I don't have time to do a proper blog post today so I'm putting up a snapshot from recipe testing for the Toro Bravo Cookbook: The Making, Breaking and Riding of a Bull (McSweeney's fall 2013). We're full steam ahead with the book and I have a lot of recipes to write this week so I'm going to get back to that. I also have a nasty sunburn to apply aloe to every few hours since Portland summer has finally arrived. Hope you are doing well and getting out and enjoying summer to the fullest. I spent Saturday at the river and Sunday at a lake. Lucky.
Q & A with Dave Blaikie (If you haven't read the first part of this blog series you can at DIY Meat Smoking Pt. 1)
Me: When did you build your smoker?
Dave: In 2009.
Me: How did you make it?
Dave: I made it out of a 55-gallon drum that used to be filled with vegetable oil. A man was selling them in his front yard and I had to get one. It was 15 bucks and I wedged it into the back seat of a Mazda Protege. Sheet metal that I found in a scrap pile and angle steel lengths make up the smoker box and stand. It took a week to cut and weld all the pieces in my garage. The design is based on a smoker my friend had.
Me: What are your favorite things to smoke?
Dave:Anything pork. Baby back ribs are my faves followed by the pork butt, and country-style ribs.
Me: Any advice for someone who's never smoked meat before and is about to try?
Dave: Ask questions. For starters, get a good book because you have a lot to learn and you're going to be sitting for a while. Don't use lighter fluid, unless you like that taste in your food. Use a mixture of woods. I use oak or mesquite as a fuel wood and add any fruit wood that I can get my hands on. You can use all fruit wood if you want for both fuel and flavor as well. Apple wood is my favorite and if you can get your hands on some, do it.
Get the temperature in the smoker up to where you want it. You want to have a good fire going but want the smoke to be as light as you can get it. Don't worry it'll have a smoky flavoring without too much smoke. That's about it. Every smoker is different and it takes time to understand the in's and out's of each one. Oh yeah, don't rush it. This is all about kicking back with your friends, drinking and salivating over an aroma that can only be made from smoking meat.
Check out DIY Meat Smoking Pt. 1
Our friend Dave built the above barrel smoker a few years ago and we've gotten to eat all sorts of delicious things smoked in it. A little less than a year ago Dave needed someplace to store it and we've had it at our house ever since.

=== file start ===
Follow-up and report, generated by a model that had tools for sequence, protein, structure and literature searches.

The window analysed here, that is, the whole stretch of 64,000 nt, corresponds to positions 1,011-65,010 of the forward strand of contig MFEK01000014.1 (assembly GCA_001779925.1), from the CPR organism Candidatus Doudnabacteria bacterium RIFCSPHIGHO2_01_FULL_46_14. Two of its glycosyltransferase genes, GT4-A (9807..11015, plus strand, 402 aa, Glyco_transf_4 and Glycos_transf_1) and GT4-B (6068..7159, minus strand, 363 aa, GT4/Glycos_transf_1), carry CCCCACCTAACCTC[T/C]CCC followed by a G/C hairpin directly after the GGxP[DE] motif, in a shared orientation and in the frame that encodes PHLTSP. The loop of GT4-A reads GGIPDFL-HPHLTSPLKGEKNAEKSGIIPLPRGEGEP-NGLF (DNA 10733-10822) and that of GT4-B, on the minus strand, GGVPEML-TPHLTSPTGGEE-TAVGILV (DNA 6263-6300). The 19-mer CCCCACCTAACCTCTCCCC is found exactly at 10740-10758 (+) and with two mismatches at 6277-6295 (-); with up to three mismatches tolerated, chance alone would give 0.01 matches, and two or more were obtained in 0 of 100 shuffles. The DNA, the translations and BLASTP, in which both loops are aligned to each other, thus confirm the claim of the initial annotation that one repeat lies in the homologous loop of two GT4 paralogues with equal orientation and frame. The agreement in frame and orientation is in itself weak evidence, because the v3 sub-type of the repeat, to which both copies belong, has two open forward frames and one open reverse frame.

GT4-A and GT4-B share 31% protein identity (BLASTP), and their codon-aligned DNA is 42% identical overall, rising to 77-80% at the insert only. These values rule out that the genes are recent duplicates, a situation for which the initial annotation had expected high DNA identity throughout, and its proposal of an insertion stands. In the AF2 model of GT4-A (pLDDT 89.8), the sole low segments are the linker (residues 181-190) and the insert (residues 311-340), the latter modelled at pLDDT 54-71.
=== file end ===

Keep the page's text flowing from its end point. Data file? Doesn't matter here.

Late April Dave and his fiance Rachel came over and we celebrated their engagement by smoking an insane amount of meat for four people while splitting wood from our old apple tree that we cut down this winter. It was a really old tree -- one arborist thought it was nearly as old as our 100+ year old house -- and hollowed out as you'll see in the photos. Although the wood is still drying it was the perfect combo because apple wood which is ideal for smoking meat.
That day with Dave and Rachel we smoked a five pound brisket, three pound pork butt, and a rack of pork and beef ribs. Don't worry -- in the end, we invited some other friends over to help us eat it all.
We mortar and pestled herbs and spices and then dry-rubbed all of the meat with various combinations, adding brown sugar to some of the rubs and leaving it off of others. We got the smoker up to temperature (Dave says the sweet spot temperature-wise is 220-230) with mesquite, dried some apple wood while doing that, and then put all the meat into the smoker at 3:30pm to cook until about 8pm -- 4.5 hours.
The hottest spot on the racks is of course right by the smoke chute. We put our meat in when it got to 200. Then as the meat smoked we occasionally rotated things and cracked the door if it got too hot -- we tried to keep it between 220-230 -- and added wood if the fire got low.
You don't want too much smoke -- just a bit. We put wood shavings in a small cast-iron skillet and had an apple wood fire with mesquite coals in the barbecue. Although we didn't do it this time Dave usually adds vinegar and mustard to the meat toward the end to keep it moist. And if you don't know this already you always want to remove the silvery membrane from ribs so that they cook properly.
Up next a Q&A with the meat master himself -- Dave Blaikie!
Taste of the Nation truly gets bigger and better every year. We had a fantastic time eating and drinking all sorts of amazing things from Portland area chefs and food/drink folks at this year's Taste of the Nation at Luxe Autohaus. (Always made much better by the fact that 100% of the proceeds go toward local child hunger relief.) If you don't know about the event you can read more about it here and here. We paced ourselves a lot better this year so that by the end (and we stayed until the very end -- as in tables being folded) we felt full but not roll-out-the-door full.
It's hard to pick favorites but I think it's good to give credit where credit is due. SO here are my top five favorite things that I ate at this year's Taste of the Nation (not to mention all the delicious wine, beer and bubbly) followed by photos...
Top five bites at this year's Taste of the Nation in no particular order...La Calaca Comelona's rainbow chard wrapped masa with pork in a red sauce Biwa's braised pork and house pickled vegetable lettuce wraps Bamboo Sushi's Oregon albacore carpaccio Fifty Lick's coconut lemon saffron sorbet Davis Street Tavern's cold carrot fennel soup with sorrel salsa verde